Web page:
May 21, 2021 by Paola Loriggio - THE CANADIAN PRESS
TORONTO – An Ontario court has ruled that the Iranian military’s downing of a passenger jet early last year was an intentional act of terrorism, paving the way for relatives of those killed to seek compensation from the country.
In the decision, Ontario Superior Court Justice Edward Belobaba found on a balance of probabilities that the missiles that shot down Ukraine International Airlines Flight 752 on Jan. 8, 2020, were fired deliberately at a time when there was no armed conflict in the area.
As a result, he found it constituted an act of terrorism that would invalidate Iran’s immunity against civil litigation.
While the State Immunity Act protects foreign states from legal claims, the Justice for Victims of Terrorism Act provides an exception in cases where the losses are caused by terrorist activity, the ruling said.
More than 100 of the 176 people killed in the plane crash had ties to Canada, including 55 Canadian citizens and 30 permanent residents.
The lawsuit was filed last year by four people whose loved ones were killed in the attack.
Merzhad Zarei lost his 18-year-old son, Arad, while Shahin Moghaddam lost his wife, Shakiba, and their son Rossitin, the document said. Ali Gorji lost his niece Poureh and her husband Arash, who were newlyweds, it said.
The fourth plaintiff, identified only as Jane Doe because she fears reprisals from Iran, had planned to be on the plane alongside her husband but couldn’t get a visa in time, the ruling said.
Lawyers representing the plaintiffs said the ruling is “unprecedented in Canadian law.”
“It is significant for the impact it will have on immediate surviving family members seeking justice,” Mark Arnold and Jonah Arnold said in a statement Thursday.
The suit names a number of defendants, including the Islamic Republic of Iran and the Islamic Revolutionary Guard Corps.
Iran was served with the claim through Global Affairs Canada in September, but failed to file a statement of defence and was found in default in December.
Normally, a defendant found in default is deemed to admit the truth of the allegations made in the statement of claim, but the protections under the State Immunity Act apply even to those found in default, Belobaba wrote. The plaintiffs must therefore still satisfy the court that the case can proceed under the legally established exceptions.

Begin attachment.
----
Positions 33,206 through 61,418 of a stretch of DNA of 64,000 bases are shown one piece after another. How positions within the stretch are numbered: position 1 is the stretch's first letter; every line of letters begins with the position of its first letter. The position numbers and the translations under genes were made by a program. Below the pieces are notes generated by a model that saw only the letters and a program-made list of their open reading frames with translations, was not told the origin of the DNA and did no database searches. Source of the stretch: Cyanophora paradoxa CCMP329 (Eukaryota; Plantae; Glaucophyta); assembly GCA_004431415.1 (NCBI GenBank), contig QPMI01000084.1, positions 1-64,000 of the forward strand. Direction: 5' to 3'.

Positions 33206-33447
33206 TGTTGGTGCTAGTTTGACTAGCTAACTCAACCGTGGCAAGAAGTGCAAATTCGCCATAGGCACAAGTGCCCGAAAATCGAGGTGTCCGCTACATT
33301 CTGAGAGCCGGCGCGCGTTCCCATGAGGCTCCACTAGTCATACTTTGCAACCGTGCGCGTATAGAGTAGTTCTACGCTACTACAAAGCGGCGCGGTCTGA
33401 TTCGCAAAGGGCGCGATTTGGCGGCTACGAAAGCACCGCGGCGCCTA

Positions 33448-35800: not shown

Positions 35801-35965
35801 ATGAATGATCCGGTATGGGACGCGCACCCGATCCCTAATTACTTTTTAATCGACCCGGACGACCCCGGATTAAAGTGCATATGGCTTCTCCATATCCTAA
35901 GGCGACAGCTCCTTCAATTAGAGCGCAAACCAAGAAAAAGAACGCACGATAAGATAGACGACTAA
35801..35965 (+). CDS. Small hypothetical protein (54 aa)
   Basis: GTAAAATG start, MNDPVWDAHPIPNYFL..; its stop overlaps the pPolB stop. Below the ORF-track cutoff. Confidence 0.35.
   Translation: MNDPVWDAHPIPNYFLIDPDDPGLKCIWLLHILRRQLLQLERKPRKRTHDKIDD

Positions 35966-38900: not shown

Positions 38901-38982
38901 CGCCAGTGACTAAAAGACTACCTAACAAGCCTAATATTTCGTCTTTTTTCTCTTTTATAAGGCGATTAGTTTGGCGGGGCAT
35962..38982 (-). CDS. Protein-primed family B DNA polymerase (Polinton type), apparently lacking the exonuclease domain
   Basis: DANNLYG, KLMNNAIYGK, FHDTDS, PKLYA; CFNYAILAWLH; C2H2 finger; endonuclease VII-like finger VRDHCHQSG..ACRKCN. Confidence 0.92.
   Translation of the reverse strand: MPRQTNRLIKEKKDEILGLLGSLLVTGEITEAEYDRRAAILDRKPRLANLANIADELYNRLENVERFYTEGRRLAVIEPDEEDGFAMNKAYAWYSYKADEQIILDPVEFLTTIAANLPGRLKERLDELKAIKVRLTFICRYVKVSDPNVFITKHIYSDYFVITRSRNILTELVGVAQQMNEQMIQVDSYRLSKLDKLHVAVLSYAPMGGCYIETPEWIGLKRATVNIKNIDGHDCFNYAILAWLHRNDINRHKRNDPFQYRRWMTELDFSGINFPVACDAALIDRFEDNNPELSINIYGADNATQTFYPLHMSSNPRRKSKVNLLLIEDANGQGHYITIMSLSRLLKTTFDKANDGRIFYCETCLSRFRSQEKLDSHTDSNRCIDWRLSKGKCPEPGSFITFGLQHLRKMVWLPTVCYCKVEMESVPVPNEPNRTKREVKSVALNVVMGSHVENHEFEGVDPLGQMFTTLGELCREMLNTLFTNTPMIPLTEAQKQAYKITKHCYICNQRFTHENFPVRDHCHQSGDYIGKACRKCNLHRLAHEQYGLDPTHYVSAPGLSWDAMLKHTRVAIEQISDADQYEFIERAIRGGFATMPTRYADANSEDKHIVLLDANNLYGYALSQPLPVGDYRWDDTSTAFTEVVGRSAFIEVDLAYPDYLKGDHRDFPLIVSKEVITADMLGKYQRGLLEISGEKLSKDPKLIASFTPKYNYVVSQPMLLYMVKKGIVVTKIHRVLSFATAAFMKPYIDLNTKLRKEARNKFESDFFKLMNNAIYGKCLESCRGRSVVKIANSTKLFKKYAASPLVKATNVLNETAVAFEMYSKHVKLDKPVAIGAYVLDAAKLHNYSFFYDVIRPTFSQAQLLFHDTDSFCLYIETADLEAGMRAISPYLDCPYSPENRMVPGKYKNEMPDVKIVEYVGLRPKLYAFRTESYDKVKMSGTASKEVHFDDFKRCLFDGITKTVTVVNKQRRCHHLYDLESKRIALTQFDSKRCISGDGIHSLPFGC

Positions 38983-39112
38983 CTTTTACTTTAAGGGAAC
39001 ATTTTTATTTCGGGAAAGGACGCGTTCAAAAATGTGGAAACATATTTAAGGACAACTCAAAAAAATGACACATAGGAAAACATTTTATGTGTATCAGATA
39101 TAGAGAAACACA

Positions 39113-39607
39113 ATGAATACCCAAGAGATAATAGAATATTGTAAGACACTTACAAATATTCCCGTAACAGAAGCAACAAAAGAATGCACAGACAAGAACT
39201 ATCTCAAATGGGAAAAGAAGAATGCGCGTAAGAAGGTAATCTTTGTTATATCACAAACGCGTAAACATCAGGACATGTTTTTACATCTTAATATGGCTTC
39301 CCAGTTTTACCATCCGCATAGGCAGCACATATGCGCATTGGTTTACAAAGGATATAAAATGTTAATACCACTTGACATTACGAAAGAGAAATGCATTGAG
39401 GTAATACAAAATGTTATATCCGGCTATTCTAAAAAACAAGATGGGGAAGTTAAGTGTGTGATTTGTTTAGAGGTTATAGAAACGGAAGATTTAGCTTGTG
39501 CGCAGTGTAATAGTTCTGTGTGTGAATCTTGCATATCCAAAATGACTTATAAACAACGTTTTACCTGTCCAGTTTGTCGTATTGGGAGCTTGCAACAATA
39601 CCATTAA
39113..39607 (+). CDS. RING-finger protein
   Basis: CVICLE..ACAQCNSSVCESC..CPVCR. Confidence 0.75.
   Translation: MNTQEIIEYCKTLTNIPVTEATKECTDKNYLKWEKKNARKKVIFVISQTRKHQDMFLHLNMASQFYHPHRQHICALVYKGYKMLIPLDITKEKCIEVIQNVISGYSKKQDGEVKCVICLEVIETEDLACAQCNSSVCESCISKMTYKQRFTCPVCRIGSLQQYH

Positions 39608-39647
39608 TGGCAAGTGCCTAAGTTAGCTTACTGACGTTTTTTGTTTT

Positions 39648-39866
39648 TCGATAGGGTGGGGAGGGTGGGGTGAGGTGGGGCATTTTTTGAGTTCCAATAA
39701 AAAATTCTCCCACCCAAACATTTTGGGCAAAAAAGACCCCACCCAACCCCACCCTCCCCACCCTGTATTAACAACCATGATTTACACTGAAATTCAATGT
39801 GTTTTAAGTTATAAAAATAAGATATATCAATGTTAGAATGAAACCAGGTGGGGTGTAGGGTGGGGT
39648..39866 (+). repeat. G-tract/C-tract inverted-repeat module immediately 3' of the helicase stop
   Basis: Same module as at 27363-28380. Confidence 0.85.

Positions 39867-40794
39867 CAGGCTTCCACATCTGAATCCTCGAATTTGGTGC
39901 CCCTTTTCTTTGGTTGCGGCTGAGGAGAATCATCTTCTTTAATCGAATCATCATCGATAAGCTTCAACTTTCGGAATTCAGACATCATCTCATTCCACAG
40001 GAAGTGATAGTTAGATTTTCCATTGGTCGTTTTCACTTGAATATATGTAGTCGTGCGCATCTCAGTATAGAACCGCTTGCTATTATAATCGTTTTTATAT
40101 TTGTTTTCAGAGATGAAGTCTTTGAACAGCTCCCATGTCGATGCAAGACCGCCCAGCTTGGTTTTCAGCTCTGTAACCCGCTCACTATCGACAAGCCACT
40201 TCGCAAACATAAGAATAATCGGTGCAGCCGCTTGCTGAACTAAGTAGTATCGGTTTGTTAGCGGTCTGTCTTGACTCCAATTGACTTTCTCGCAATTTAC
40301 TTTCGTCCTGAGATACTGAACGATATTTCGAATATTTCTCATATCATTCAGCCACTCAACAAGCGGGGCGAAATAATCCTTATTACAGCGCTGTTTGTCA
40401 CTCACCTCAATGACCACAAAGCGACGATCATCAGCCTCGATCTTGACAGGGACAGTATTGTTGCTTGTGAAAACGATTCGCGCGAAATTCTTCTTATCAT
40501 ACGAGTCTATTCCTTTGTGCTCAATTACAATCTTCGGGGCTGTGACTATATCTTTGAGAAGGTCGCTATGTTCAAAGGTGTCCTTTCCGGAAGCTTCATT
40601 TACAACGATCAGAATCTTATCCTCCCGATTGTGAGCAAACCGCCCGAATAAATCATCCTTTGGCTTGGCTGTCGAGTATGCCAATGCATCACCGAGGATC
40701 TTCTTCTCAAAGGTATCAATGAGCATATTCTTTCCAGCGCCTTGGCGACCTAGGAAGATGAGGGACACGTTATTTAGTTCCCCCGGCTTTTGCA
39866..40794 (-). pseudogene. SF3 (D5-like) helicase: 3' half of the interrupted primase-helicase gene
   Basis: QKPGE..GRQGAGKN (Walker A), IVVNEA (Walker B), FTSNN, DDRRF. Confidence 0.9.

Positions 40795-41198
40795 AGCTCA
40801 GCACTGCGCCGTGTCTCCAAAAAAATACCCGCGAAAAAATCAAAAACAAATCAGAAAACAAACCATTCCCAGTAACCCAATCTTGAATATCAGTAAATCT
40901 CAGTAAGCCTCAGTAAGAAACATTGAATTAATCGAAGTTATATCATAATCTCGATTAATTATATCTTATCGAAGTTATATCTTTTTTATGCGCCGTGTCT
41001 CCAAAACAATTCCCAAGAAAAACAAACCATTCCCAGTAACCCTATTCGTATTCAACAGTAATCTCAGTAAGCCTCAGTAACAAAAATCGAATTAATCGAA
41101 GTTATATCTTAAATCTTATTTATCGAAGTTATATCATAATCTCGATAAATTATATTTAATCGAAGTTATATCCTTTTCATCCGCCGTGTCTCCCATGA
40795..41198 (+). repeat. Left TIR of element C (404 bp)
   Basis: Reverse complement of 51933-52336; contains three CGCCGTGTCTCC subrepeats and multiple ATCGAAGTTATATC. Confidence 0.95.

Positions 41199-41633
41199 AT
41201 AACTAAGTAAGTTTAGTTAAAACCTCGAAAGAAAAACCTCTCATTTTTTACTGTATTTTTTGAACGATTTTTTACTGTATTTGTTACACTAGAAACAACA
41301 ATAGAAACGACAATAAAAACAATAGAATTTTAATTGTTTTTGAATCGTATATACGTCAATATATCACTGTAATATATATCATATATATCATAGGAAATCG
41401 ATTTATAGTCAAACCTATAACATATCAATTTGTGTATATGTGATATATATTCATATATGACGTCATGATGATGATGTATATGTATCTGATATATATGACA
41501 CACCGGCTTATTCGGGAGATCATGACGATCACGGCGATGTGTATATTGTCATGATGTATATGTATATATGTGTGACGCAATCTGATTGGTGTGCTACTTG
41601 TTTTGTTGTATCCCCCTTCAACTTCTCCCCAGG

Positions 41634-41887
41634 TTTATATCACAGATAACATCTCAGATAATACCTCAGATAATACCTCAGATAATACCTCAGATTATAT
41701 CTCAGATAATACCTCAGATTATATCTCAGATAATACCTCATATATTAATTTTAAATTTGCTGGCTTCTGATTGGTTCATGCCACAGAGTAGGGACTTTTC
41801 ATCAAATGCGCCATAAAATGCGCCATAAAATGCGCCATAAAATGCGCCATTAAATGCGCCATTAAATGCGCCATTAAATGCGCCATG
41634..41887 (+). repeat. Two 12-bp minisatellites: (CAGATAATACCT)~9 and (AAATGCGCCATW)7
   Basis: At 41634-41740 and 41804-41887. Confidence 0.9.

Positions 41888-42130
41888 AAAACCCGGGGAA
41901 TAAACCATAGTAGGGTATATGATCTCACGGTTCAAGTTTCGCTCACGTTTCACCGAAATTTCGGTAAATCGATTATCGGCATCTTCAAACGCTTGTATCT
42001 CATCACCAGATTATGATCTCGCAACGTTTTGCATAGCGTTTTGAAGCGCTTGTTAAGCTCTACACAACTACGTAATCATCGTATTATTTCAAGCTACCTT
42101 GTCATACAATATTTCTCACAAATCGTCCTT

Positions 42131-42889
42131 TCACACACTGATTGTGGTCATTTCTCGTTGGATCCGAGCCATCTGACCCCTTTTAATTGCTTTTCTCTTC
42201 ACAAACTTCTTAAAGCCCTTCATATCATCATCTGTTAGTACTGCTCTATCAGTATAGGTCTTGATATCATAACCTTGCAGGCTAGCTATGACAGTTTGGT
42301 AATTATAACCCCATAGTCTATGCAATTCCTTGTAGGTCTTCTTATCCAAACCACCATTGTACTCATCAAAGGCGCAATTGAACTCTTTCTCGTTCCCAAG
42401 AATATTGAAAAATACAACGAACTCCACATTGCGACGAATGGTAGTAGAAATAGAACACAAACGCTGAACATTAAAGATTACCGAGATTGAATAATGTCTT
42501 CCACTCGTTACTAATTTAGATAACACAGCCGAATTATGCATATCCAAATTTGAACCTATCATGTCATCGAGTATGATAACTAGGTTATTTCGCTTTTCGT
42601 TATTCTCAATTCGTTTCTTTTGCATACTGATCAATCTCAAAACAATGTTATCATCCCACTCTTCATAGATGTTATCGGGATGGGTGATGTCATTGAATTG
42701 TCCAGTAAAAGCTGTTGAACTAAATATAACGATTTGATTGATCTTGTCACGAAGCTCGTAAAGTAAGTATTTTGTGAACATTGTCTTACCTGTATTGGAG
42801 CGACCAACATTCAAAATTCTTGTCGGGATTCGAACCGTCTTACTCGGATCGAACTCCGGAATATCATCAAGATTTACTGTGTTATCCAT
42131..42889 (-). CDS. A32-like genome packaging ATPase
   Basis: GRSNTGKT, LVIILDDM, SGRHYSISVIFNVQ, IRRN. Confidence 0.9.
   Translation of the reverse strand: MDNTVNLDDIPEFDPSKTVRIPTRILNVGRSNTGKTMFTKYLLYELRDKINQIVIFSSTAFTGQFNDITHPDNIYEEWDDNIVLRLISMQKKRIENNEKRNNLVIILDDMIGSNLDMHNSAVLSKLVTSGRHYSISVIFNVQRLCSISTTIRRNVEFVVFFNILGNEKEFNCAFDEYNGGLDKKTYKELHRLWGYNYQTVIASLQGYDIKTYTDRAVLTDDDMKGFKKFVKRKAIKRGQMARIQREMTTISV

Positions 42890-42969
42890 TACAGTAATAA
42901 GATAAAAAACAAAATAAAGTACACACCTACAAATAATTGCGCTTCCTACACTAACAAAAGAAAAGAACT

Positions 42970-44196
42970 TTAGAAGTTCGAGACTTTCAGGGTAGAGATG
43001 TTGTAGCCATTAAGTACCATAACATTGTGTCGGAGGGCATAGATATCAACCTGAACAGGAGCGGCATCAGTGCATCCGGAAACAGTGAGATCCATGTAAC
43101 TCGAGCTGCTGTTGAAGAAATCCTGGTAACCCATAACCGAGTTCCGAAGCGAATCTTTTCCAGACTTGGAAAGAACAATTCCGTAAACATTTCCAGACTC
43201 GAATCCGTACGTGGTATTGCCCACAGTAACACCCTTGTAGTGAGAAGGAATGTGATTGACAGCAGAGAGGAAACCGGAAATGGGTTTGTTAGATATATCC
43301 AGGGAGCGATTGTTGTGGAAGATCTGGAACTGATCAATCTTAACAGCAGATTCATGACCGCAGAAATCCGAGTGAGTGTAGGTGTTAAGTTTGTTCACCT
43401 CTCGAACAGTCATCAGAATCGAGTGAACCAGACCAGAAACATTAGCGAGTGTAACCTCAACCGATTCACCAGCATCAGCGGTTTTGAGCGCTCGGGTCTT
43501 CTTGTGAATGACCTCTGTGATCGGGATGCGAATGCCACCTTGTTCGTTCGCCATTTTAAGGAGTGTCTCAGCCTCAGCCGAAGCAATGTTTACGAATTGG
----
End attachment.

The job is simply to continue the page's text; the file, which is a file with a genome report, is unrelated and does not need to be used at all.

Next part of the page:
“The plaintiffs have established that the shooting down of Flight 752 by the defendants was an act of terrorism and constitutes ‘terrorist activity’ under the SIA, the JVTA and the provisions of the Criminal Code,” he wrote.
The judge relied on two expert reports — one by Ralph Goodale, Canada’s special adviser on the incident, and the other by the Special Rapporteur to the United Nations Human Rights Council — in determining that the missiles were fired intentionally.
He also relied on the UN report and other experts in finding there was no armed conflict in the region at the time.
In the immediate aftermath of the shootdown, Iran denied responsibility but acknowledged three days later that its paramilitary Revolutionary Guard mistakenly hit the Ukrainian jetliner with two surface-to-air missiles.
Preliminary reports released by Iranian authorities last year pointed to an air-defence operator who they said mistook the Boeing 737-800 for an American cruise missile.
Iran’s civil aviation body released a final report earlier this year that blamed “human error” for the firing of the missiles but named no one responsible.
Thursday’s ruling dealt only with liability. The judge said another hearing will be held regarding compensation.
Feature image: A mourner lights candles during a memorial for the anniversary of flight PS752 in Edmonton on Friday, January 8, 2021. THE CANADIAN PRESS/Jason Franson